Indigenous players help Connecticut hockey squad win minor pro championship

Wednesday, May 17th, 2023 3:35pm


Image Caption

Daniel McKitrick and Tobias Odjick (at centre), players with the Danbury Hat Tricks, celebrate their Federal Prospects Hockey League championship win May 14.


“It was unreal. I’ve won tournaments in the past, but this was the first league championship I’ve won at any level.” — Tobias Odjick
By Sam Laskaris
Local Journalism Initiative Reporter

The 2022-23 hockey season had its share of ups and downs for Tobias Odjick.

The 22-year-old forward, a member of Kitigan Zibi Anishinabeg First Nation in Quebec, broke his jaw and lost a handful of teeth during his third game of the season with the Danbury Hat Tricks, a minor pro squad in Connecticut.

When he was ready to return to action, Odjick’s father Gino, one of the most popular Indigenous players that played in the National Hockey League, died in early January.

Tobias Odjick rejoined the Hat Tricks, a member of the nine-team Federal Prospects Hockey League (FPHL), later that month.

Odjick’s campaign concluded this past Sunday, May 14, when the Hat Tricks captured the FPHL championship.

Odjick and his teammates downed the Carolina Thunderbirds 3-2 in Game 5 of their best-of-five league final.

The Hat Tricks’ roster also included another Indigenous player, rookie forward Daniel McKitrick. The 25-year-old is an Inuk who grew up in the Nunavut community of Coral Harbour.

“It was unreal,” Odjick said of Danbury’s championship. “I’ve won tournaments in the past, but this was the first league championship I’ve won at any level.”

The day after winning the FPHL crown, members of the Hat Tricks hopped on their team bus and travelled to New York City, about an hour’s drive away, to celebrate their victory at a rooftop bar.

“It was surreal,” Odjick said of the party, which overlooked the New York skyline, including a close view of the Empire State Building. “It was nuts.”

Odjick appeared in 17 regular season matches with the Hat Tricks this season. He earned 18 points, including eight goals, in those appearances.

He added seven points (four goals and three assists) in 10 playoff games.

For Odjick, this marked his second season with the Hat Tricks. He had registered 32 points in 35 regular season and playoff contests a year ago.

Odjick said he was confident the Danbury squad would have a successful season this year.

“I talked to my coach at the beginning of the season and he said ‘we’re building a championship team here’,” Odjick said.

Ideally, he would like to move up to a higher level of minor pro hockey next season, but if need be he is willing to return to the Danbury organization.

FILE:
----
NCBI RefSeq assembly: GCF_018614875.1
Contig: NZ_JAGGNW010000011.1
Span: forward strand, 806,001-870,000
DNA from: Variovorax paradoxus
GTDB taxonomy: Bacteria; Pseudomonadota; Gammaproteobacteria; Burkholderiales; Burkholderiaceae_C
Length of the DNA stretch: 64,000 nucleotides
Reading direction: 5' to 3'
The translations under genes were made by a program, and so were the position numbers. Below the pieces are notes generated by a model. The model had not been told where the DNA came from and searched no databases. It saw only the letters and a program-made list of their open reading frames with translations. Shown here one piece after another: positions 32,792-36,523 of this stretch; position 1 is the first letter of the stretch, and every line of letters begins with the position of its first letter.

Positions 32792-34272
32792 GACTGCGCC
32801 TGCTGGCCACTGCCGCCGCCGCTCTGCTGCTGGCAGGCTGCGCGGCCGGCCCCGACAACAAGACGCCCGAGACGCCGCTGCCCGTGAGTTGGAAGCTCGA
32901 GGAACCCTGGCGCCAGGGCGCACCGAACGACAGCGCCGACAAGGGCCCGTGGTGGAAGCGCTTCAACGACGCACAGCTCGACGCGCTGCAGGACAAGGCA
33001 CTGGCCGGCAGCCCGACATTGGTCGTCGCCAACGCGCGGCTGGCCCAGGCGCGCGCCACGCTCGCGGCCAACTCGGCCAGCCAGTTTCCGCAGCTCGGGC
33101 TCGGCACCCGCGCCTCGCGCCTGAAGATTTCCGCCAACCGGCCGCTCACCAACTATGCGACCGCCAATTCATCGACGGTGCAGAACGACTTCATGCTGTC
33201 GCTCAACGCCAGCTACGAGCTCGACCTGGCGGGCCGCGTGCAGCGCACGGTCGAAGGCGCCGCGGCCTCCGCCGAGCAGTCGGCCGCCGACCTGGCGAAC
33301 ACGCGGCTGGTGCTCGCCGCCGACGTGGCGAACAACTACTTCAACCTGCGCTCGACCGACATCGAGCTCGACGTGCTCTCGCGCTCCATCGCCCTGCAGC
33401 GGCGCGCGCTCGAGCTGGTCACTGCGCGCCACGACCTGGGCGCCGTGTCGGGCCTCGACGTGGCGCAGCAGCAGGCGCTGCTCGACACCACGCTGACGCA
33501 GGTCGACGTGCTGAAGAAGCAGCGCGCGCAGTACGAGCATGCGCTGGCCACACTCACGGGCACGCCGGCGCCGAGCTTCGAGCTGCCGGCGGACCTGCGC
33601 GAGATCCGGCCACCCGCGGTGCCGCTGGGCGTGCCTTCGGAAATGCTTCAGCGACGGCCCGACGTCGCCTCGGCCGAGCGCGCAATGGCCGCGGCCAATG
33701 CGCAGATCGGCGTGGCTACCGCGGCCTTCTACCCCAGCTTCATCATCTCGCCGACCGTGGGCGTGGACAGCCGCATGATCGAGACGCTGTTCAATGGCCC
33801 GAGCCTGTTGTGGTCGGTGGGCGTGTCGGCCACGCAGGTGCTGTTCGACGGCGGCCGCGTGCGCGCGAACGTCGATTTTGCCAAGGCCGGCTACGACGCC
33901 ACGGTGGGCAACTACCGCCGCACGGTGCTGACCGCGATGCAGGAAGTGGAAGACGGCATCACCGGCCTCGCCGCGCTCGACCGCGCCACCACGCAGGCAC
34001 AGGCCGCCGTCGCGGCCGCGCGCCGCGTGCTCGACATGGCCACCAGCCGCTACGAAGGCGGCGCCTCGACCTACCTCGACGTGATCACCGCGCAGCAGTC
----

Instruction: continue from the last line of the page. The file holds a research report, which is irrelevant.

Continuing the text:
The Southern Professional Hockey League (SPHL), the ECHL and the American Hockey League are all considered higher-calibre circuits than the FPHL.

Odjick, however, first needs to deal with his left knee before determining when and where he’ll play next.

Odjick will suit up for his First Nation for this week’s Fred Sasakamoose Chief Thunderstick National Hockey Championship, which runs May 18 to May 21 in Saskatoon.

He will then return to his First Nation and start making plans to have knee surgery.

“Everything is absolutely destroyed in there,” Odjick said of his knee, adding both his ACL and MCL need repairing.

Odjick is hoping for a quick recovery.

“The doctor said it was going to be a nine-month recovery. I told him I’m going to be back in four months and ready for the start of next season.”

Daniel McKitrick
Daniel McKitrick, an Inuk from Coral Harbour, Nunavut, celebrated the Hat Tricks' win in New York in view of the Empire State Building.

As for McKitrick, he had started his pro career this past fall as a member of the FPHL’s Mississippi Sea Wolves.

But he welcomed a December trade to the Hat Tricks.

“When I got traded, they were the number one team (in the standings),” McKitrick said.

And he helped make the squad even better. McKitrick averaged more than a point per game in regular season matches, collecting 39 points, including 18 goals, in 33 contests.

He then chipped in with six points in 10 playoff games.

McKitrick was obviously thrilled the Hat Tricks captured their league title.

“Any championship you win feels great,” he said. “And we worked hard to get this one.”

Like Odjick, McKitrick will also compete in this week’s Fred Sasakamoose national tourney. He’ll play for a Rankin Inlet squad representing his territory.

McKitrick plans to return to Nunavut after that for a couple of months. And then he’ll head to Thunder Bay later in the summer to begin training for the next hockey season.

McKitrick is hoping to crack the roster for a club in the SPHL. But if that doesn’t happen he would happily return to suit up for the Hat Tricks again.

The Hat Tricks’ roster this season also included Daniel Amesbury, a 32-year-old native of Maple Ridge, B.C.

Amesbury, an enforcer had a team-high 298 penalty minutes in 29 games this season. He made a return to the game this year, having last played minor pro during the 2013-14 campaign.

Amesbury has Indigenous ancestry and we’re told is in the process of connecting to his First Nation in his home province. has reached out to team officials to get more information.

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Local Journalism Initiative Reporters are supported by a financial contribution made by the Government of Canada.